Andrey Andrey - 1 year ago 48
C++ Question

What is the reason behind cbegin/cend?

I wonder why

cbegin
and
cend
were introduced in C++11?

What are cases when calling these methods makes a difference from const overloads of
begin
and
end
?

Answer Source

It's quite simple. Say I have a vector:

std::vector<int> vec;

I fill it with some data. Then I want to get some iterators to it. Maybe pass them around. Maybe to std::for_each:

std::for_each(vec.begin(), vec.end(), SomeFunctor());

In C++03, SomeFunctor was free to be able to modify the parameter it gets. Sure, SomeFunctor could take its parameter by value or by const&, but there's no way to ensure that it does. Not without doing something silly like this:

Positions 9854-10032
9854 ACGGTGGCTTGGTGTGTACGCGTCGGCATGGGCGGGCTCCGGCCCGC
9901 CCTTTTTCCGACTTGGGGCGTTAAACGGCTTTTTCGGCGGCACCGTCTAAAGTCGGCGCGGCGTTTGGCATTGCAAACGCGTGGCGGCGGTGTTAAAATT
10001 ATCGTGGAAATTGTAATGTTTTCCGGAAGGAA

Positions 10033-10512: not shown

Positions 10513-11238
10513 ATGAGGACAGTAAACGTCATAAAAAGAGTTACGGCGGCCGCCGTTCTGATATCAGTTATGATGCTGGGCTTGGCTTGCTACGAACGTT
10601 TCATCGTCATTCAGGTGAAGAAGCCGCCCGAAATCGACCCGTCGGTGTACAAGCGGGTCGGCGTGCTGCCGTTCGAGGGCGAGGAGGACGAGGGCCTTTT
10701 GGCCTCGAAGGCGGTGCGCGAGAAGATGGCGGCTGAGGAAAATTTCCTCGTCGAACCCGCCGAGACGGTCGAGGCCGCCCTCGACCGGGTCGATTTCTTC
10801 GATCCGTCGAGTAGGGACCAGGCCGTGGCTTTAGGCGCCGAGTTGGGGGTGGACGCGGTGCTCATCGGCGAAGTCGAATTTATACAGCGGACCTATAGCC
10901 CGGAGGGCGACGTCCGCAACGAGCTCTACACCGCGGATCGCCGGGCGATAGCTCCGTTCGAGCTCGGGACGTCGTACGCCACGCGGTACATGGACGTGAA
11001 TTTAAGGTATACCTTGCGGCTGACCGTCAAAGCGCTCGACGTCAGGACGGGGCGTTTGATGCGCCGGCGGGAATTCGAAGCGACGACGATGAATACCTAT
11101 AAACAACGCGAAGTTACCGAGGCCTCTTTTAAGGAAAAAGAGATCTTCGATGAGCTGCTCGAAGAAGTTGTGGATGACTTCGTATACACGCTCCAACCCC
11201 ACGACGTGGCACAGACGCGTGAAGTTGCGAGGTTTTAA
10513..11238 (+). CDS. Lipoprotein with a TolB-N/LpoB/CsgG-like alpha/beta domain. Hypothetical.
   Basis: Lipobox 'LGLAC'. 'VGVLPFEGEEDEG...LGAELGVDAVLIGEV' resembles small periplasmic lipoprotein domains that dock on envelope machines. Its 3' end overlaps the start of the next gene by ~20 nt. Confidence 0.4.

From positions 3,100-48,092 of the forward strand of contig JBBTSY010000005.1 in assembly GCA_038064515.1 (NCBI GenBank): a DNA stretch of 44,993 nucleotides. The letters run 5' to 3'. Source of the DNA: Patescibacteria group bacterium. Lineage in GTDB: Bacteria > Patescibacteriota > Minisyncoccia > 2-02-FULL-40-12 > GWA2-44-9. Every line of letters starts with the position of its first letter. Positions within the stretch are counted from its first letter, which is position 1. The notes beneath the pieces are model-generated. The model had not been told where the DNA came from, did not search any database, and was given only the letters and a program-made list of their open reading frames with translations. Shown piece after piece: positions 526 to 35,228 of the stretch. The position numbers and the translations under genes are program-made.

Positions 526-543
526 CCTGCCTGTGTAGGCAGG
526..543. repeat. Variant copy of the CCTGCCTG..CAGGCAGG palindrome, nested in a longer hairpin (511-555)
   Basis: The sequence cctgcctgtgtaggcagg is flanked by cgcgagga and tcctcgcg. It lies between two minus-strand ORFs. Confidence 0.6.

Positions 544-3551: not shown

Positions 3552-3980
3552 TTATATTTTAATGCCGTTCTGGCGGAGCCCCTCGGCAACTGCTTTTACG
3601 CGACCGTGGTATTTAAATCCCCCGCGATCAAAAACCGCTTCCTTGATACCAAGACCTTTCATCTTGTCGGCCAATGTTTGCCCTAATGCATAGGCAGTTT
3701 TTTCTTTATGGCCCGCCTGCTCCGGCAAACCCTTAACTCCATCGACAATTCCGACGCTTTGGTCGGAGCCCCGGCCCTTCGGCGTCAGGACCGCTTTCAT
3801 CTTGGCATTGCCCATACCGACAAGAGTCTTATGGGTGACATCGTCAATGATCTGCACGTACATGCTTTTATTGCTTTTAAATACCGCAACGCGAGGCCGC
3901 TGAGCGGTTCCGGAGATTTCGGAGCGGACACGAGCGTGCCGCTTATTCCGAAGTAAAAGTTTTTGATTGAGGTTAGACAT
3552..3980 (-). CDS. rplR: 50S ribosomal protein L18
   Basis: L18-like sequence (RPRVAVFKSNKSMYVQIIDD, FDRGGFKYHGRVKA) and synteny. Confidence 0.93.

const std::vector<int> &vec_ref = vec;
std::for_each(vec_ref.begin(), vec_ref.end(), SomeFunctor());

Now, we introduce cbegin/cend:

std::for_each(vec.cbegin(), vec.cend(), SomeFunctor());

Now, we have syntactic assurances that SomeFunctor cannot modify the elements of the vector (without a const-cast, of course). We explicitly get const_iterators, and therefore SomeFunctor::operator() will be called with const int &. If it takes it's parameters as int &, C++ will issue a compiler error.


C++17 has a more elegant solution to this problem: std::as_const. Well, at least it's elegant when using range-based for:

for(auto &item : std::as_const(vec))

This simply returns a const& to the object it is provided.

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